Mostly I reflect on the absurd business of being alive’

Mostly I reflect on the absurd business of being alive'
PHOTO: Steve Ullathorne

So Arthur, please can you tell us a bit about your new show?

It is, as the title suggests, a collection of different components. Some ancient jokes, some strange things that have happened to me, a small tribute to Leonard Cohen, some funny poems (and a sad one). And I chat with the audience, I talked about Tonbridge because it’s a place I know well since my brother lives there.

Why did you decide that now was the time to do this type of retrospective performance?

There is contemporary stuff – a Trump thing, a nod to Brexit and an experiment with Artificial Intelligence – but mostly I reflect on the absurd business of being alive. I have also got a small selection from my forthcoming show about my father called ‘Syd’, who I describe as ‘an ordinary man who lived through some extraordinary times’.

In the Second World War he fought at El Alamein, became a POW and ended the war in the notorious Colditz Castle in Germany. In the 1950s PC Syd patrolled London’s South Bank and met a gallery of characters, whom he tried his best not to arrest.

Fans will know your real name is Brian so why do you also go by the moniker Arthur?

I became Arthur when I joined Equity, the performers’ union. They don’t permit two members with the same name and there already was a Brian Smith. I looked at the space on the form reserved for my new name – the name by which the world would know me: I wrote down ‘Captain W****r’.

Equity, thank God, vetoed this. Perhaps because there was one already! I chose Arthur because that is my middle name and also the name of three old comedians. (Can you guess? I’ll give you one – Arthur Askey.)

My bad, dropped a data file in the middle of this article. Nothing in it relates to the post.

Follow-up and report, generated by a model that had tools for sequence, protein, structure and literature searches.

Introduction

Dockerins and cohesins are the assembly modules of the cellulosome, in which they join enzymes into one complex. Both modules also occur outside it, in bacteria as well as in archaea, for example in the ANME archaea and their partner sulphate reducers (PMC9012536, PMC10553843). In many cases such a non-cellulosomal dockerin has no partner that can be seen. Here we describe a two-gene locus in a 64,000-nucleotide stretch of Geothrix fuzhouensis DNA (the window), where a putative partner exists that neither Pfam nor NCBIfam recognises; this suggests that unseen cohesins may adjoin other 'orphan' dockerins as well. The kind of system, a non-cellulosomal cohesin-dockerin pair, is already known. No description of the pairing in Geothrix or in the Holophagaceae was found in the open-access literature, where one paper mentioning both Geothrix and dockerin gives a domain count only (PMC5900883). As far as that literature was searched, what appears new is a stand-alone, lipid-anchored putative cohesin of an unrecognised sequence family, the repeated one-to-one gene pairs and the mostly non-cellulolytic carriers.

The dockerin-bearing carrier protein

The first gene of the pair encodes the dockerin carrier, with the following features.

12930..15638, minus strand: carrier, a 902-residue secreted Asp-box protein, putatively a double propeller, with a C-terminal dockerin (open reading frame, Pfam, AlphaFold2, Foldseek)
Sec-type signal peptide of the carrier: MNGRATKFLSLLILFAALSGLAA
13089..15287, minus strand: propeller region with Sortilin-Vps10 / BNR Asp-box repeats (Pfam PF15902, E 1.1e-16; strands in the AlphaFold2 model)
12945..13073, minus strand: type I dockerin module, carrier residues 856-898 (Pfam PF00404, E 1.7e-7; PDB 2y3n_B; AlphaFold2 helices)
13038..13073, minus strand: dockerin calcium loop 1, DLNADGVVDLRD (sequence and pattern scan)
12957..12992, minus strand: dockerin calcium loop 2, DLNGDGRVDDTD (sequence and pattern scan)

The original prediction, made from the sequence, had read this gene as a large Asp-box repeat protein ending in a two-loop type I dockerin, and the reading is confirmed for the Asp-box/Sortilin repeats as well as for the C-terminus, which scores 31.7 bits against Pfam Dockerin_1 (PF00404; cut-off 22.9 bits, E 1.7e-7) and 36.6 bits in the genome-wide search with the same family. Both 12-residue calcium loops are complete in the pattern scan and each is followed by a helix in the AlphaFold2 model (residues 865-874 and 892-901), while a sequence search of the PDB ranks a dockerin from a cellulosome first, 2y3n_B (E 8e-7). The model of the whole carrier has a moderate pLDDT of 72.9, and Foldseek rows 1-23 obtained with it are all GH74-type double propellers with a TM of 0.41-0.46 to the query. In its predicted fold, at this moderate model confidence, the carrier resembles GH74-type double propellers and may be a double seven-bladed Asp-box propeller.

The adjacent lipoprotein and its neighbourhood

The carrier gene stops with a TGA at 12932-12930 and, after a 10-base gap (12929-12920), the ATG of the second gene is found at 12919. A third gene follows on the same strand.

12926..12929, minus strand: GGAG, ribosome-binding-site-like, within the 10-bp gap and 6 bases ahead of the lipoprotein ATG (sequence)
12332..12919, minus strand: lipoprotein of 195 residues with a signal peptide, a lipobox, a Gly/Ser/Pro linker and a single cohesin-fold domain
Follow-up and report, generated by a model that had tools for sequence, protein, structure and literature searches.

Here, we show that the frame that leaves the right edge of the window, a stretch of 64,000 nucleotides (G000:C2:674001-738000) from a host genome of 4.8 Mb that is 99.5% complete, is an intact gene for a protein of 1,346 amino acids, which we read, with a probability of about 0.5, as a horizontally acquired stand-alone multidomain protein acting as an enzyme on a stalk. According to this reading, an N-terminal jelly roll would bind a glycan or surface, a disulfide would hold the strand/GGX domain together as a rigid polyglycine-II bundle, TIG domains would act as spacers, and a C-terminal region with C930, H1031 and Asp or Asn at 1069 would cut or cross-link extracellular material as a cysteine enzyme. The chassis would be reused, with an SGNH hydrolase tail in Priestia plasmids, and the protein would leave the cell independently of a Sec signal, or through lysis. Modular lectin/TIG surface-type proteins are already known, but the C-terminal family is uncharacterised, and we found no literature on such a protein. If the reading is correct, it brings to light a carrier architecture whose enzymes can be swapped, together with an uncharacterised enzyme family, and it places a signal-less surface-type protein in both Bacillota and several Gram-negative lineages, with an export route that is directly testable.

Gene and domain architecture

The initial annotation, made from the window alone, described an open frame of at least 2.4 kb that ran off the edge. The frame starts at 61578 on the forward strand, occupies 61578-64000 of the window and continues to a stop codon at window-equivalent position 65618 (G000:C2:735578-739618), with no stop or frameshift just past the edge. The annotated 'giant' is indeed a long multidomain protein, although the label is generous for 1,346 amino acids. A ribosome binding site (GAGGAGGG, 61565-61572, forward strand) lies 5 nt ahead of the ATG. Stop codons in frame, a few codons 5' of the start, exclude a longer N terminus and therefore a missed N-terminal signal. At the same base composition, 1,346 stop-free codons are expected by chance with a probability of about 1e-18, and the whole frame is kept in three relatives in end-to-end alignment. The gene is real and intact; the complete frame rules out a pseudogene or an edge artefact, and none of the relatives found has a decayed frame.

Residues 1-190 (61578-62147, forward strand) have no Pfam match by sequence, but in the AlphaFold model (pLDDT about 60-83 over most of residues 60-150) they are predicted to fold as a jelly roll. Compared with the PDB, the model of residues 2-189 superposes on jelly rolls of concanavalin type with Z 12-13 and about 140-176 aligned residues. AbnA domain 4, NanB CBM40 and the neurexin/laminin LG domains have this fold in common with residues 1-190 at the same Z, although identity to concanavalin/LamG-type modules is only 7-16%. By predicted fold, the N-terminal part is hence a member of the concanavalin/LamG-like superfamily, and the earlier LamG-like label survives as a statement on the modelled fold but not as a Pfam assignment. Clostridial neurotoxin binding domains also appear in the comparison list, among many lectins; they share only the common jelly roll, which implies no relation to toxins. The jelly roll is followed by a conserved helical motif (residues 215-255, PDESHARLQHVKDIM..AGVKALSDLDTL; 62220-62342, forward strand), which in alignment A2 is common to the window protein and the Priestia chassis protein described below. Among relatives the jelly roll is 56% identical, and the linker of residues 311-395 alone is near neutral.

You’re a prolific broadcaster, presenter and writer – which area of your work do you like best and why?

They all have their own unique attractions but I guess I like the purity of doing live shows. Radio is great because it is just words and I can wear odd socks without getting in trouble. Writing is undoubtedly the hardest. Staring at a blank screen trying to make things up and give them a shape is endlessly tough.

Have you performed in Tonbridge before?

I think I first performed there about 100 years ago when I was in a comedy team called The National Revue Company. I may have been back since but I have a terrible memory for these things. I have definitely appeared somewhere in Tonbridge and once, as a joke, busked outside the castle with my young nephews.

Do you enjoy being out on the road touring or do you prefer the company of a cosy radio studio?

Being on the road can be a bit lonely – endless hours on trains or in the back of vans, solitary nights in hotels and meals eaten alone – but I like to think of myself as a roaming troubadour going from one settlement to the next. I like a radio studio too, waiting for words to fill the air in interesting shapes.

What will the audience enjoy most about Laughs, Stories, A Song and A Poem?

I hope they laugh, snigger, remember, be surprised at one point, join in if they wish and be appalled at the bit near the end when I will dance briefly. They will also get the chance to tell me what makes them grumpy and if they are so inclined, heckle.

Can you tell us three things about your memoir My Name is Daphne Fairfax which would get people into reading it

1 You’ll learn about what it was like to grow up in south London after the war when there were bombsites everywhere and no one had ever seen an avocado let alone quinoa.

2 You can find out how I ended up in Cuba with Arthur Scargill, in Calabria with Germaine Greer and in Wales with Bill Clinton

3 My tales of the Edinburgh Festival and how I ended up getting arrested there one night

4 Oh and as a bonus: how I fell in love

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